|Basa Banyumasan, Basa Ngapak|
|Native to||Western Part of Central Java (Indonesia)|
|12–15 million|
|Dialects||Tegalan, Banyumasan, Banten|
Banyumasan, colloquially known as Basa Ngapak, is a dialect of Javanese spoken mainly in three areas of Java that is the Banyumasan, located in westernmost Central Java Province and surrounding the Slamet mountain and Serayu River; a neighboring area inside West Java Province; and northern region of Banten Province. This area includes Majenang, Cilacap, Gombong, Kebumen, Banjarnegara, Purbalingga, Purwokerto, Bumiayu, Slawi, Pemalang, Tegal, and Brebes regencies.
Scholars divide the development of Javanese language into four different stages:
- 9th–13th century, known as Old Javanese
- 13th–16th century developed to Middle Javanese
- 16th–20th century developed to New Javanese
- 20th century: Modern Javanese.
The phases above were influenced by the emergence of empires in Java. In Javanese cultural history, empires yielded some distinct grades of language, each grade representing the social grade of the speakers (mainly nobles and populaces). Those grades of language are not of significant influence to Banyumasan people. In the Banyumasan region, high grades are usually used only when speaking to a stranger assumed to come from the eastern area of Java i.e. Yogyakarta / Surakarta etc., or on certain occasions. Surakartan and Yogyakartan style are usually considered the standard Javanese language.
Banyumasan has a lot of differences compared to standard Javanese, mainly in phonology, pronunciation and vocabulary. This happened due to cultural or character distinction and widely current usage of Old Javanese vocabulary. Another distinction is that the pronunciation of the vowels is not as complicated.
Vocabulary distinction basically found in:
- Same word and phonetic but different meaning
- Same word and meaning but different phonetic
- Same phonetic and meaning but different pronunciation (changed on consonant or vowel).
|Banyumasan Language||Standard Javanese||English|
|brug → Dutch loanwords||kreteg||bridge|
Javanese speech varies depending on social context, yielding three distinct styles, or registers. Each style employs its own vocabulary, grammatical rules and even prosody. This is not unique to Javanese; neighbouring Austronesian languages as well as East Asian languages such as Korean, Japanese and Thai share similar constructions.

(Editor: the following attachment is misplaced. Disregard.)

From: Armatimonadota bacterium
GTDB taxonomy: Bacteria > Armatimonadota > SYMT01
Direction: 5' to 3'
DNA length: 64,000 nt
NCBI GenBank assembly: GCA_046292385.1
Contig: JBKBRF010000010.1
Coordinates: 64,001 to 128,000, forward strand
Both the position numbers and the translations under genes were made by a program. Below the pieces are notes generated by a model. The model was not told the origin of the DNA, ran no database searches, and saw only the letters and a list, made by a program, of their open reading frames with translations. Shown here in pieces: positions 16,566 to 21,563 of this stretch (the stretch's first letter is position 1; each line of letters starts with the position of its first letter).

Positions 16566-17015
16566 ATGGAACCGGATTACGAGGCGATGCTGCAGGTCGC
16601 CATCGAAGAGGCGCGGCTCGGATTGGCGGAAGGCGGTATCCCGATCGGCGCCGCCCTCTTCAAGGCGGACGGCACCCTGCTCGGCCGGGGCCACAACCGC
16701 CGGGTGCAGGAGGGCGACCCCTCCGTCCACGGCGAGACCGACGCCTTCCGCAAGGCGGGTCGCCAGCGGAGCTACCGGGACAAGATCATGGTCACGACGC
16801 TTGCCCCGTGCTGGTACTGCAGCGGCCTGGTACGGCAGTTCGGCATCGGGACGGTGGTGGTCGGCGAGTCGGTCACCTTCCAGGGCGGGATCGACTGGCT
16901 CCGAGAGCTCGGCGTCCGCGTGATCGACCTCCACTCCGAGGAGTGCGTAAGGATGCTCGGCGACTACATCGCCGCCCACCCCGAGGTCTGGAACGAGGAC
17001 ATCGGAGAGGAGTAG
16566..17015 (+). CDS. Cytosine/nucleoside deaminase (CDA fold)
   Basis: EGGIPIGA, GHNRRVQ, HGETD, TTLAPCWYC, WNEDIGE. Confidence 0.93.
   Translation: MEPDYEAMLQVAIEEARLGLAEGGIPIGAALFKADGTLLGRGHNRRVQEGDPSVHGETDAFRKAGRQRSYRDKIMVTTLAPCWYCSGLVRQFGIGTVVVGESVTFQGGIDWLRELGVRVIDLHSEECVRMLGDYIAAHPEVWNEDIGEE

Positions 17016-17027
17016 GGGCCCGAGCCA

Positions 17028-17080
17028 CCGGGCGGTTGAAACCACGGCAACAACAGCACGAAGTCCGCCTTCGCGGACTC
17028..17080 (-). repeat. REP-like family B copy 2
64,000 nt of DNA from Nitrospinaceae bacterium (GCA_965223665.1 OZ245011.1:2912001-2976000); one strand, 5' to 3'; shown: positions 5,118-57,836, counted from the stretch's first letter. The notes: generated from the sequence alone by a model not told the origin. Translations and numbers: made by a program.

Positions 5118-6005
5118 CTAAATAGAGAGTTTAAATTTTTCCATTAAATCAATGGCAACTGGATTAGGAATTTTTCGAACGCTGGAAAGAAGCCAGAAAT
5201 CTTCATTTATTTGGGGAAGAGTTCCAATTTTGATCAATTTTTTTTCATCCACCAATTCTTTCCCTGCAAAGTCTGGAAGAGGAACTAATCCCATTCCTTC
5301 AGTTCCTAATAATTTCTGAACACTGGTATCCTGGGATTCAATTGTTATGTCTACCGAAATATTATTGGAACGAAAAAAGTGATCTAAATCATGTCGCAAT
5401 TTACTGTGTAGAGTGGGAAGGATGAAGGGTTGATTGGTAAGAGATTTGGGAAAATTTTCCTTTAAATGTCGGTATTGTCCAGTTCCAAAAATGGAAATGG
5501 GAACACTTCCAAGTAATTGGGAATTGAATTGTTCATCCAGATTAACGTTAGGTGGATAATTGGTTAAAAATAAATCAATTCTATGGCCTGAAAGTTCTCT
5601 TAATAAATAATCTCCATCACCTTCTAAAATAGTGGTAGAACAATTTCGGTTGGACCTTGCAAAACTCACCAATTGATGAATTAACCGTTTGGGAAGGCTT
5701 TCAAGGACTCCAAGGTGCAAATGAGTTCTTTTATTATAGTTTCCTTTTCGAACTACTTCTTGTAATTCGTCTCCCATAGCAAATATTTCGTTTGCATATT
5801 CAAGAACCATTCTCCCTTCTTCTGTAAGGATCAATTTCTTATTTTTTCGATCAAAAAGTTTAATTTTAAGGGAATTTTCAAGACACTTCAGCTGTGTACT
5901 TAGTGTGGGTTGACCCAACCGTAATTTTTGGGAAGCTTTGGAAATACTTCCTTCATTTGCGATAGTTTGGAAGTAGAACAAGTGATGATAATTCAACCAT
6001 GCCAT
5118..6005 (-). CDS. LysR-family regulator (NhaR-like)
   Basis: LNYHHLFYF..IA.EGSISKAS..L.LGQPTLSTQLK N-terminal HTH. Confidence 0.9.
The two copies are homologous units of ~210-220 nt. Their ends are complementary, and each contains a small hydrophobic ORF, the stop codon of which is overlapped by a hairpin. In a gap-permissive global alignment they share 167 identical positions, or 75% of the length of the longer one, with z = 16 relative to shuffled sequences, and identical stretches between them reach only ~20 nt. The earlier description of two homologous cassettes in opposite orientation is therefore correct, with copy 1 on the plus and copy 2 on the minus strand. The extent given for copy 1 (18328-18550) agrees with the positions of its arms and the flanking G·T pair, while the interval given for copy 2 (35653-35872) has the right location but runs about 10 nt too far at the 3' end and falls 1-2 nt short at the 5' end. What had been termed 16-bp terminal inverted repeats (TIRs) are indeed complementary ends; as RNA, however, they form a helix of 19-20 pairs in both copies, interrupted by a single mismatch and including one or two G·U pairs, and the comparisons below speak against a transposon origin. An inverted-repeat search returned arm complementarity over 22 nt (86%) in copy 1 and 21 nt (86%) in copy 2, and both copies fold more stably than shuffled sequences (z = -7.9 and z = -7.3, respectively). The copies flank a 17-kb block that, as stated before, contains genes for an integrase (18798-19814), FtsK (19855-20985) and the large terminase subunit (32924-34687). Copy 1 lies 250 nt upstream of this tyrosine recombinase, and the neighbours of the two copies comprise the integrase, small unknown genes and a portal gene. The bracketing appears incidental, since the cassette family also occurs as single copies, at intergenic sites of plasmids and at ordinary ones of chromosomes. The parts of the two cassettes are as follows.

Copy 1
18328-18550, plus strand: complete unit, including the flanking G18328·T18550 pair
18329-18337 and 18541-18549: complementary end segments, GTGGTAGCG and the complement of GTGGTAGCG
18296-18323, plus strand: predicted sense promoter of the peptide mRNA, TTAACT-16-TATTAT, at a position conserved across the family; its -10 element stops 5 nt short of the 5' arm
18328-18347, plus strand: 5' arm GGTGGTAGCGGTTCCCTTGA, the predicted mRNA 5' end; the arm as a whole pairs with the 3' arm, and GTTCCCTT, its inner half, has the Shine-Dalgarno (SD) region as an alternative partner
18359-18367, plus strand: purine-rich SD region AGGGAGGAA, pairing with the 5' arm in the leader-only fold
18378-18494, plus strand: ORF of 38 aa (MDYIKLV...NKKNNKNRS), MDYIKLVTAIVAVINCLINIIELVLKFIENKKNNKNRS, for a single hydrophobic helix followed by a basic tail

In Javanese these styles are called:
- Ngoko is informal speech, used between friends and close relatives. It is also used by persons of higher status to persons of lower status, such as elders to younger people or bosses to subordinates.
- Madya is the intermediary form between ngoko and krama. An example of the context where one would use madya is an interaction between strangers on the street, where one wants to be neither too formal nor too informal.
- Krama is the polite and formal style. It is used between persons of the same status who do not wish to be informal. It is also the official style for public speeches, announcements, etc.
In Banyumasan region, Madya and Krama styles are rarely used, usually towards a stranger who is assumed to come from the eastern area of Java (wetanan) such as Yogyakarta, Surakarta etc. or on certain occasions, an eastern style of language (basa wetanan) named bandhekan (from gandhek).
Dialects and sub-dialects
There are 3 main dialects of Banyumasan language: North area (Tegalan), South area (Banyumasan), and Banten.
The Banyumasan dialect is spoken in southern areas: Bumiayu, Karang Pucung, Cilacap, Nusakambangan Island, Kroya, Ajibarang, Wangon, Purwokerto, Purbalingga, Bobotsari, Banjarnegara, Purwareja, Kebumen, and Gombong.
The Banten dialect is spoken in north Banten.
In addition, there are several sub-dialects spoken in Banyumasan, such as Bumiayu sub-dialect, Dayeuhluhur sub-dialect, and Ayah sub-dialect.
|Basa Banyumasan edition of Wikipedia, the free encyclopedia|